Some brasses date back as far as the 12th century and they can still be found in many English and a few European cathedrals and churches. Between the 13th and 17th centuries, it was fashionable to have one's portrait engraved as a memorial on a stone or brass slab. Knights, ladies, and priests were portrayed in stylized form, yet their costumes are depicted with extraordinary authenticity.
Approximately 8,000 brasses have survived, and these are now mainly concentrated in the Southern and Eastern counties of England. These are just a small fraction of what once existed. They are one of the country's most fascinating historical treasures, as they provide a fascinating look at the changes that occurred in clothing, armor, religious beliefs, and of course — power and wealth. They are a living history of that era, known as the "the age of chivalry," and commemorate famous kings and queens, knights, their ladies, and other citizens of Medieval and Tudor times.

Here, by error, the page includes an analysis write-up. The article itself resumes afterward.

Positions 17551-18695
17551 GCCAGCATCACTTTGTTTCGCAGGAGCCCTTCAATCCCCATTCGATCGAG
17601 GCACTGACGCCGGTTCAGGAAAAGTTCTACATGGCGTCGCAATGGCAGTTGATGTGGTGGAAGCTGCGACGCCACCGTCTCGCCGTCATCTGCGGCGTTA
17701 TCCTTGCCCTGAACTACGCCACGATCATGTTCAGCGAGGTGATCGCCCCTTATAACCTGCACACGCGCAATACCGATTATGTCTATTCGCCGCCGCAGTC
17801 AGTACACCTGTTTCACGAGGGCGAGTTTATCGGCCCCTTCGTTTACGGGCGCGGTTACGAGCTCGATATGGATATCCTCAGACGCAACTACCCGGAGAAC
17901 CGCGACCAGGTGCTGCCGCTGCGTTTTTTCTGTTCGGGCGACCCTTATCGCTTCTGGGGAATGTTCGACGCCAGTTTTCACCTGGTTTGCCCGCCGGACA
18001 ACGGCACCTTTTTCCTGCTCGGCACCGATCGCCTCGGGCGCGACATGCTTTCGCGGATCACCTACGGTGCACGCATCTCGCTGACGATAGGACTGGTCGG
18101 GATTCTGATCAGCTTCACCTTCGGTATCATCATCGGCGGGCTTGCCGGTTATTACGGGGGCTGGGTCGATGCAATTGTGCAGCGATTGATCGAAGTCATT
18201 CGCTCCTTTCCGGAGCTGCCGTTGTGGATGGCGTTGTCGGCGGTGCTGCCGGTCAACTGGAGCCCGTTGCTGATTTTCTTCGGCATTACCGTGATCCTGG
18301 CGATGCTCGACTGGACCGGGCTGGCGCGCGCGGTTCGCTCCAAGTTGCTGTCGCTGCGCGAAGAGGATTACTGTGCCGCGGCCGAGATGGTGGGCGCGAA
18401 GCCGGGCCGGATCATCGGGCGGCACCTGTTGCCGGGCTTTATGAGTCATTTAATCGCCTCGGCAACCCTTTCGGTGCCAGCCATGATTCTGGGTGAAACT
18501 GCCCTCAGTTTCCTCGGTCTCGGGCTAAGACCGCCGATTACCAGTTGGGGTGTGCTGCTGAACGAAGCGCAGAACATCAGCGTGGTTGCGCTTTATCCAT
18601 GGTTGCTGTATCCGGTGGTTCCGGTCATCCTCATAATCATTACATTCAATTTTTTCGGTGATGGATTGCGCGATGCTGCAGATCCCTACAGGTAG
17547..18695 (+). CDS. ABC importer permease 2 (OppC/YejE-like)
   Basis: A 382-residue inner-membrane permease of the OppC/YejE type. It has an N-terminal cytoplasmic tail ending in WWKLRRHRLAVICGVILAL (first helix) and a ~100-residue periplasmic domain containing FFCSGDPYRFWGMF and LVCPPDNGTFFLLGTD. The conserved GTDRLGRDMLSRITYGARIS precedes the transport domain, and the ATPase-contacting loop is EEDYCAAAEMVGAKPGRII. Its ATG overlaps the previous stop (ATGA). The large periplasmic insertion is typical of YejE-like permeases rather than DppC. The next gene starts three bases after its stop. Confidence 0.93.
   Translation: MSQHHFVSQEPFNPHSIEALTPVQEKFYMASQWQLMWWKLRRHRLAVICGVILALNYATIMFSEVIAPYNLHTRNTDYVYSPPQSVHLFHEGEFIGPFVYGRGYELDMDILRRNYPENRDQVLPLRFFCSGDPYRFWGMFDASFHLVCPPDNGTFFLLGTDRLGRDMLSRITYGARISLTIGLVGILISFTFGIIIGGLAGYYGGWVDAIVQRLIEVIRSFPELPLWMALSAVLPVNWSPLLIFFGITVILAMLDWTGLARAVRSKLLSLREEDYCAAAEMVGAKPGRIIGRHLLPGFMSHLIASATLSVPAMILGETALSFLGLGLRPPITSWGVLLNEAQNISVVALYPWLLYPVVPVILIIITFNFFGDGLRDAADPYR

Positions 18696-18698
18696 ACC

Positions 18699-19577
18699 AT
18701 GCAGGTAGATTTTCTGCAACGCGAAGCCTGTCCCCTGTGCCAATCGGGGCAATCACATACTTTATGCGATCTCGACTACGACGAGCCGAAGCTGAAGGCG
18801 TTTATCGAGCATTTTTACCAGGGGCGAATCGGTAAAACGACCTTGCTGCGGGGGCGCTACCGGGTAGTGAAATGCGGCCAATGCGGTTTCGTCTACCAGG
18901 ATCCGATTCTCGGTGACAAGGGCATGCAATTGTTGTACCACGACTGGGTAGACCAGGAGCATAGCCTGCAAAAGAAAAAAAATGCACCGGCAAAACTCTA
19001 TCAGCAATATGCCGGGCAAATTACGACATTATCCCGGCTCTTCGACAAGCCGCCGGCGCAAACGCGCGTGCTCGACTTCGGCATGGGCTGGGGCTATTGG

Types of Brass Rubbing
Brass rubbings are broken down into two specific categories:
- Monumental Brasses: All of the brasses in this category are copies (some reduced in scale) taken from original memorial brasses. Most of the brasses in this category are featured with a 'stone' effect outer setting. However, a few have a full black colored outer setting.
- Theme Brasses: The brasses in this category feature famous people, and have been created specifically for the purpose of brass rubbing. They were not taken from memorial brasses.
- Brass rubbings typically are made using gold, silver, red, and green wax. On the rare occasion, you may find one in other colors — but this is not typical. Each commission is unique, and the rubbing is typically produced on black paper. Depending on its size and complexity, a commission can take over 40 hours to complete.